25th May 2018 – The day privacy changes for everyone
The EU GDPR (General Data Protection Regulation)” which will take effect in all EU membership states in May 2018 is a regulation for protection of EU citizens personal identifiable information and the individuals “Right to be forgotten” where individuals have the right to demand any data held about them to be erased. The GDPR applies to all organisations that are trading within the EU so this applies not only to EU organisations but also to any worldwide organisations doing business within the EU.
PCI DSS is about protecting cardholder data and since cardholder data is personal identifiable information there is a clear overlap towards GDPR for retailers and the consequences for failing compliance will after May 2018 become even more fierce.
The good news however is, that if you are compliant to PCI DSS you have come a long way towards meeting the new GDPR. As stated by Jeremy King, International Director of PCI SSC on the question “how do I achieve GDPR compliance?” his reply is “Start with PCI DSS compliance” The EU GDPR states what must be achieved whereas PCI DSS gives you the tools on how a big part of these requirements are achieved -especially Article 5 of the GDPR, which states, “Personal data must be processed in a manner that ensures appropriate security of the personal data.”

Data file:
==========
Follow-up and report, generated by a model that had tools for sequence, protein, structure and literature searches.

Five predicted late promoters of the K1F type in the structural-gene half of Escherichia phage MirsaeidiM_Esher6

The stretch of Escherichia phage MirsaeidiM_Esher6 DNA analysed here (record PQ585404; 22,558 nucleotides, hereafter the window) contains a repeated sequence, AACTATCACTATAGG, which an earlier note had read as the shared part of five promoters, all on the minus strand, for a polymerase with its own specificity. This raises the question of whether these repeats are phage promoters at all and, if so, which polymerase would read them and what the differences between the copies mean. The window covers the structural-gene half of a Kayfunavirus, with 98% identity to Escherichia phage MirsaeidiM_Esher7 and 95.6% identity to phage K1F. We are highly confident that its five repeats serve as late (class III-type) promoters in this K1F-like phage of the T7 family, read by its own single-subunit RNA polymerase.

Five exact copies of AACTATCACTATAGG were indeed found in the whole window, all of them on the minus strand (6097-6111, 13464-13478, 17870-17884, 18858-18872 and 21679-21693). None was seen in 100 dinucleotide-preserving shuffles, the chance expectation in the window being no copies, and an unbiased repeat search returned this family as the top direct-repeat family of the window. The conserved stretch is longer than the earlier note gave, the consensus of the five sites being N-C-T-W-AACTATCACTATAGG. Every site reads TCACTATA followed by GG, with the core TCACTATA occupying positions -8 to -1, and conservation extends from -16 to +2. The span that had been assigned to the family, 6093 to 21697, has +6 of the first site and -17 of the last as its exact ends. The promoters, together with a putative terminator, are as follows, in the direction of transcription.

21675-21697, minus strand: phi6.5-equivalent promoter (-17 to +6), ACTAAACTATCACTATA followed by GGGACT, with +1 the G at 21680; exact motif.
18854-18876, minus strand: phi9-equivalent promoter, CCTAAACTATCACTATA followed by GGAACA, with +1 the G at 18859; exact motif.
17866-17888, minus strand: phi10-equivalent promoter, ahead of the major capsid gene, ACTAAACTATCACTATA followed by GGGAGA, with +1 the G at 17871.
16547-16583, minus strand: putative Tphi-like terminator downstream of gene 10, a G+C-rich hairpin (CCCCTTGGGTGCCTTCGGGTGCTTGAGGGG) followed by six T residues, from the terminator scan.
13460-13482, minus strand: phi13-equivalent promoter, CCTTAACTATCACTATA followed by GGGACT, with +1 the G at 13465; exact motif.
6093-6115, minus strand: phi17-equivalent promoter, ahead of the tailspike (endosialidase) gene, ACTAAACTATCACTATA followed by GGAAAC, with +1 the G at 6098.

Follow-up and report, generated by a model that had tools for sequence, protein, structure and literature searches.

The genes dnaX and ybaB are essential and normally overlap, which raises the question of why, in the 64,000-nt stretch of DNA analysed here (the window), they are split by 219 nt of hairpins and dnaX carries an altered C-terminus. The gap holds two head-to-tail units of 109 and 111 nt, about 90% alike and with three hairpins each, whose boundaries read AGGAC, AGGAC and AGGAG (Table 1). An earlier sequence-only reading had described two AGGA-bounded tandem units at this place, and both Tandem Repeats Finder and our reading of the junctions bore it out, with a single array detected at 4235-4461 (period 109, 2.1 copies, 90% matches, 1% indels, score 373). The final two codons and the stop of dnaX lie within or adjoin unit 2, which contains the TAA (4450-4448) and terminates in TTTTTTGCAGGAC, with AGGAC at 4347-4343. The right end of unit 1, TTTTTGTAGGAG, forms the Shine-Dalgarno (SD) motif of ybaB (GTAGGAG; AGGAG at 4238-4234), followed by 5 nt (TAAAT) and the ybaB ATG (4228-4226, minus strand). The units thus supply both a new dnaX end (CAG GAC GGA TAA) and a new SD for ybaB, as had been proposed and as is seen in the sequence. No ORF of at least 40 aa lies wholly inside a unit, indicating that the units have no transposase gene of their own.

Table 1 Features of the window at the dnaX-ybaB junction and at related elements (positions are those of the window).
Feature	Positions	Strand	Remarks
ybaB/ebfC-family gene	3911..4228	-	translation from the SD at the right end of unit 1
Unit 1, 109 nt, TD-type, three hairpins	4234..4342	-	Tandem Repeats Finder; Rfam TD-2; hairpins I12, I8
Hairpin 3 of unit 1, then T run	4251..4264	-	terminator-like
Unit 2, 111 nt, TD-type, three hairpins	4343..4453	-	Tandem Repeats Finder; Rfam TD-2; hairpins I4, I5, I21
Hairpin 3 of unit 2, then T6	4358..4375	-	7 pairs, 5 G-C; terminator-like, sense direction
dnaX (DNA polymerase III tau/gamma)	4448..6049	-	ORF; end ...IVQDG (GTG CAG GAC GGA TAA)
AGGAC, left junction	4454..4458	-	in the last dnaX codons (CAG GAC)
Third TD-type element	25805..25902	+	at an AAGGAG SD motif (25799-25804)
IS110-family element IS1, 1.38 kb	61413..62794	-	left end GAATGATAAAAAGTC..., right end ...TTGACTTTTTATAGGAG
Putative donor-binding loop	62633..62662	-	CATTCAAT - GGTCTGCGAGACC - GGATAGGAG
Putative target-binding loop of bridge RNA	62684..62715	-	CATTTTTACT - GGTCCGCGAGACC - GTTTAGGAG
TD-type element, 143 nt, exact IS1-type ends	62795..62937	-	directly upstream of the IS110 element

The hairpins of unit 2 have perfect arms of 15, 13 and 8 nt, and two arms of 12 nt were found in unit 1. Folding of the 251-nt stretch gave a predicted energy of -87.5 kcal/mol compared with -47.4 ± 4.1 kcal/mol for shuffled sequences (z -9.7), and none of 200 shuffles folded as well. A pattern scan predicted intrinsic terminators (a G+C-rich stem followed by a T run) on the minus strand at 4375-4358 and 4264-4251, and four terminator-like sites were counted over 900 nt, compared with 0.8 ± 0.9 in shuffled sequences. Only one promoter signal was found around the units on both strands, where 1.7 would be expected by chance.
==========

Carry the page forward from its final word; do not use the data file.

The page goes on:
Most retailers are today aware of the consequences behind a non-compliance towards PCI DSS after a breach in their card data environment be it physically at the POS or via malware through the internet. Failure to meet PCI can give fines up to €395,000 but the EU GDPR goes even further with penalties up to 4% of annual global turnover or €20 million, whichever is greater for large serious breaches or up to 2% or €10 million of global annual turnover whichever is greater. The important factor here is that penalties for not meeting GDPR is on top of any PCI DSS non-compliance fines from the card issuers.
While compliance to PCI DSS Requirement 9.9 at the point of sale means that you already have procedures in place for identifications of your payment terminal estate and inspection of the same, it is strongly advisable to follow PCI SSC as well as any terminals vendors P2PE recommendations on how to further secure your terminals at the point of sale.
The P2PE manual include guidance on how a merchant should physically secure deployed devices to prevent unauthorized removal or substitution and include examples on how devices can be physically secured. A recommendation that follow PCI SSC document “Skimming Prevention – Best practises for Merchants” that reads “Mount and secure the terminal and cables with locking stands, cable trays, and other securing mechanisms”.
For further information:
Both documents “Skimming Prevention – A best practice for merchants” and the terminal vendors obligatory P2PE manual can be found at the PCI SSC homepage: